If you ever have a concern about dropping your iPhone 4… say, down three flights of stairs, I have the case for you! It took me eight tries, but I finally managed to ‘drop’ my iPhone in a way to get it to go down a set or stairs, bounce off the corner and down the next set. I wasn’t worried about the iPhone, just didn’t want to dent the walls.
The case is the new ‘Survivor’ from Griffin. If you remember the video I posted a while back, they really put it through the tests to show that a drop from your hand shouldn’t concern you anymore. The case carries a military grade rating against getting bumped around and for dust.
The Griffin Survivor case includes a snap-on clip. The clip size is right to go over a belt. Since the case facing side clip snaps around the outer edge of the upper/lower edge of the case, you can remove the case from the clip without removing the clip from your belt.
Inside of the soft rubber outer is a hard plastic inner case. The inner case holds the iPhone4 firmly and ‘floats’ inside of the outer case. The soft rubber of the Griffin Survivor is soft and actually a bit slick feeling in my hands. The look of it appears it would be more porous feeling. Due to the perfectly placed cut outs along the edges of the case it is easy to hold without fear of dropping your iPhone. That said, it might be the fact that the case offers so much protection for the iPhone4 is the real secure feeling you get holding it.
The inner hard plastic part of the Survivor case splits open to sit the iPhone4 inside, then snap back together. For buttons/switches there are raised tunnels to protect those items. These raised area will get covered later with rubber flaps in the outer rubber case.
The outer rubber doesn’t ‘open’, you tip the hard plastic shrouded iPhone4 in and roll the rubber over the edges. In the picture above, you can see the little hard plastic tabs that lock into the outer rubber so it doesn’t move around.
Included in the Survivor case is a see through plastic cover for the screen that is locked into the hard plastic ‘inner’ case. This covers the screen, front camera and ear speaker.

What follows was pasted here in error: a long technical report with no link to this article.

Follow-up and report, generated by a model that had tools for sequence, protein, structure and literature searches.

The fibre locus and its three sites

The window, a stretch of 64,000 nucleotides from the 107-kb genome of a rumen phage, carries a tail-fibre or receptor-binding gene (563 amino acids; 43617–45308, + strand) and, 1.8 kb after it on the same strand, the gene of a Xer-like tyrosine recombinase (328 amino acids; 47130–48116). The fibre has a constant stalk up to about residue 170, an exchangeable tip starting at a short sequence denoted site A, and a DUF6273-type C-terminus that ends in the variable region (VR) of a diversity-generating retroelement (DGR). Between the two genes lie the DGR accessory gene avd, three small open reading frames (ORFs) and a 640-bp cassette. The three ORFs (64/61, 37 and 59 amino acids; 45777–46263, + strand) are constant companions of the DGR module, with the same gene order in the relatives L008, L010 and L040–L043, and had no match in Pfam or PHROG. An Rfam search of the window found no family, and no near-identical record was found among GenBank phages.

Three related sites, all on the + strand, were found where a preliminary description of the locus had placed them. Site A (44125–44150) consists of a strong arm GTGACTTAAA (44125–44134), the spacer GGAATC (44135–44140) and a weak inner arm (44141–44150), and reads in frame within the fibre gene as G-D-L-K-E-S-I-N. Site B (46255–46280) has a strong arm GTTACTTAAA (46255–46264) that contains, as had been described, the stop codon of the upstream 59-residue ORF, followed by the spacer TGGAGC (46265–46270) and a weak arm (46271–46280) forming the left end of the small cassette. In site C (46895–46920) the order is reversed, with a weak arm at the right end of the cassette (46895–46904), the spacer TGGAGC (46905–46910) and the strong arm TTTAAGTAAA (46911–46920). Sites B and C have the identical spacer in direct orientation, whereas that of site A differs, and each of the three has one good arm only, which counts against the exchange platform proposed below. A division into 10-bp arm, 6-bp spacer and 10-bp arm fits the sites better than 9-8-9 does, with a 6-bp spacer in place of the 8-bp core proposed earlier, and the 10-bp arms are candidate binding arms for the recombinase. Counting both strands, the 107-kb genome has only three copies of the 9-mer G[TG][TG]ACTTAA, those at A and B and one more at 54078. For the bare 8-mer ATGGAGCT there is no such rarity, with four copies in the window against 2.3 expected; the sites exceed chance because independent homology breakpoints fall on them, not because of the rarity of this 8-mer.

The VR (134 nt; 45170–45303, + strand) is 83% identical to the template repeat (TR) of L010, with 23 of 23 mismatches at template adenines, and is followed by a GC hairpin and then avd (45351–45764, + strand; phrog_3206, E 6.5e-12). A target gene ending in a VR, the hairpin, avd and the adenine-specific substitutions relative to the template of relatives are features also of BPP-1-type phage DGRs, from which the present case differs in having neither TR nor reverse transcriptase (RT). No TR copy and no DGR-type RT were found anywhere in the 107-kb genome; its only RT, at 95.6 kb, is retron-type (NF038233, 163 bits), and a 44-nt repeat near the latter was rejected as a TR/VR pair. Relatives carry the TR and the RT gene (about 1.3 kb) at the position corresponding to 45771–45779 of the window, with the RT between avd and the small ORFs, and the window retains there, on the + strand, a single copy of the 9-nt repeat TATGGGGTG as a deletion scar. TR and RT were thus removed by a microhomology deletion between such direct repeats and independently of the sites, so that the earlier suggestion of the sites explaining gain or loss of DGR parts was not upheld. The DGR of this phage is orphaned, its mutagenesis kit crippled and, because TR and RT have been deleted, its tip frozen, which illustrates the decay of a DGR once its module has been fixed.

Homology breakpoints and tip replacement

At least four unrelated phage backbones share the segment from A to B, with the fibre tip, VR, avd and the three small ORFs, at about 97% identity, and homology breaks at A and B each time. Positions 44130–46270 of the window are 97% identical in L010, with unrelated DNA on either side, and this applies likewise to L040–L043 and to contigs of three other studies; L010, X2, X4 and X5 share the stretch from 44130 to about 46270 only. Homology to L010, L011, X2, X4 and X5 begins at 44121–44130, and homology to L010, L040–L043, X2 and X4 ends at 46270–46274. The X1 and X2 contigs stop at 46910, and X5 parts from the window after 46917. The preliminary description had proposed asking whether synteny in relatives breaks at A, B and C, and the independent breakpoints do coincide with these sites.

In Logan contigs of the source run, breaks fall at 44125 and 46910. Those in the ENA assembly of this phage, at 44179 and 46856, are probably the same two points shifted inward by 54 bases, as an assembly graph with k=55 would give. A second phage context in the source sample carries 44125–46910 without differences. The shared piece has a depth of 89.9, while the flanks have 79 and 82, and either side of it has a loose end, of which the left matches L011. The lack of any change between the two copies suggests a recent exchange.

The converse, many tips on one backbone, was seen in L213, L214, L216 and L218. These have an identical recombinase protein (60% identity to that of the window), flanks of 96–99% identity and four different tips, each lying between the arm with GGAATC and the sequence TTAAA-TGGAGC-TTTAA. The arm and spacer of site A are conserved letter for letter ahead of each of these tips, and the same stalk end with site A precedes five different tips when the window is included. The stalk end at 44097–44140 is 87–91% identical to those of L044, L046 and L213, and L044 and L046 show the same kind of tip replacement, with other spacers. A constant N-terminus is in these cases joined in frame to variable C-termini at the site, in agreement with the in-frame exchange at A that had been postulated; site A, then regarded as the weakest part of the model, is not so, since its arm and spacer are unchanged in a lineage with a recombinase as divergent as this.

All around the Griffin Survivor case are lip locking flaps/doors. Each one has a trick to it to open quickly. The speaker/cable opening are covered by one door. Pushing the middle of the cover causes the outer edges to pop up so it is can be opened more easily than trying to pry at the corners.
There is a flap covering the sound on/off switch since it isn’t a push button. The volume up/down and top on/off buttons are accessible through rises in the Survivor cover. The on/off switch and audio-out jack are a ways down inside since you reaching through the rubber outside and the hard plastic protection inside. Both are easy to get through though.
There had to be some negative I would find… here it is. I have yet to find a way to get the camera flap door open quickly. And, there is no way to lock it open so one hand has to hold it open while you trigger the photo with the other. Not a very natural process for me. Yesterday I mentioned that more and more people are taking pictures with their iPhones over regular camera so this might be an important limitation to get handled in a near future version of the Survivor.
It should be to a surprise to anyone that the case is much thicker than a bare iPhone4. There needs to be a buffer around the iPhone4. The iPhone floats in a hard plastic case inside of the softer rubber outside. Even with the size, the case does not restrict the ability to get the iPhone in/out of pants pockets.
In short, the Griffin Survivor really works to absorb the energy of the drop and distributes it to places other than your iPhone. If you worry about dropping your iPhone4 and the expense of being without it while it is getting repaired, the size is not an issue.